From The Pueblo Chieftain (Chris Woodka):
A controversial bill that failed to find its way into law last year has resurfaced in the state Legislature.
The bill is an attempt to create a flex water right that would allow agricultural water to be applied to other uses for up to five years in 10. The bill has been adjusted to prevent it from being used to move water anywhere, anytime for any use, as the first versions allowed. [ed. emphasis mine]
[HB15-1038, Flexible Water Markets], sponsored by state Rep. Jeni Arndt, D-Fort Collins, would allow a more flexible water right that requires continued irrigation of farmland, identifies end users and includes continued court review as a condition. It also prevents water from being transferred from one basin to another. [ed. emphasis mine]
The bill would allow a water judge to determine conditions that determine continued irrigation.
It would allow up to 50 percent of the consumptive use — that part of water used to grow crops — over a 10-year period to be used for things such as municipal supplies, recreation, environment or compact compliance.
Some changes in the bill are an attempt to comply with the state’s anti-speculation doctrine as outlined to the interim water resources review committee in September by Justice Greg Hobbs.
Among recent Supreme Court decisions prohibiting speculative use is the 2005 decision to uphold Pueblo District Judge Dennis Maes’ 2003 decision to deny an application on the Fort Lyon Canal by High Plains A&M that would have allowed wide-scale water marketing.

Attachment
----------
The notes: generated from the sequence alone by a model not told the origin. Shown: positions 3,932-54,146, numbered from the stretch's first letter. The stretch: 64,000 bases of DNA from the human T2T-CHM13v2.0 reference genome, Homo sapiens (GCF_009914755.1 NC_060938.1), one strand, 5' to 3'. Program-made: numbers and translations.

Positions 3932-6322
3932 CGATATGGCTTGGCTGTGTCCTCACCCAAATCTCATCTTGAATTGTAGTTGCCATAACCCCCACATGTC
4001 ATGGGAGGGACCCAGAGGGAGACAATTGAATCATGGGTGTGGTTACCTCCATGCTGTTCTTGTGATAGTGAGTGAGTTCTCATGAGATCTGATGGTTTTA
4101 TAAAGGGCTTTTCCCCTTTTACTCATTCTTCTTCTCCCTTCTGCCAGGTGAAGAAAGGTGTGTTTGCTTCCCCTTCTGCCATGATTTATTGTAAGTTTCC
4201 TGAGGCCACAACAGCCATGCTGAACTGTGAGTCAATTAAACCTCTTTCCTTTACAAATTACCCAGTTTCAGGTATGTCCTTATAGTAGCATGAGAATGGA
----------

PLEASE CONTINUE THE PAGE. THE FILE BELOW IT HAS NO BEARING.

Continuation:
A second measure, [SB15-008, Promote Water Conservation In Land Use Planning], sponsored by state Sen. Ellen Roberts, R-Durango, and state Rep. Ed Vigil, D-Fort Garland, would attempt to tie water conservation with land-use planning through state water funding programs.
It passed the Senate ag committee on a 5-4 vote.
The bill came out of the interim water resources committee with provisions and a proposed amendment by Roberts that would make conservation training mandatory for water officials and land use planners. It would apply to water providers that supply more than 2,000 acre-feet of water annually.
That bill is already getting pushback from municipal water providers, who are offering alternative language that allows for more time to develop conservation plans and gives them credit for quantifiable conservation programs in the past.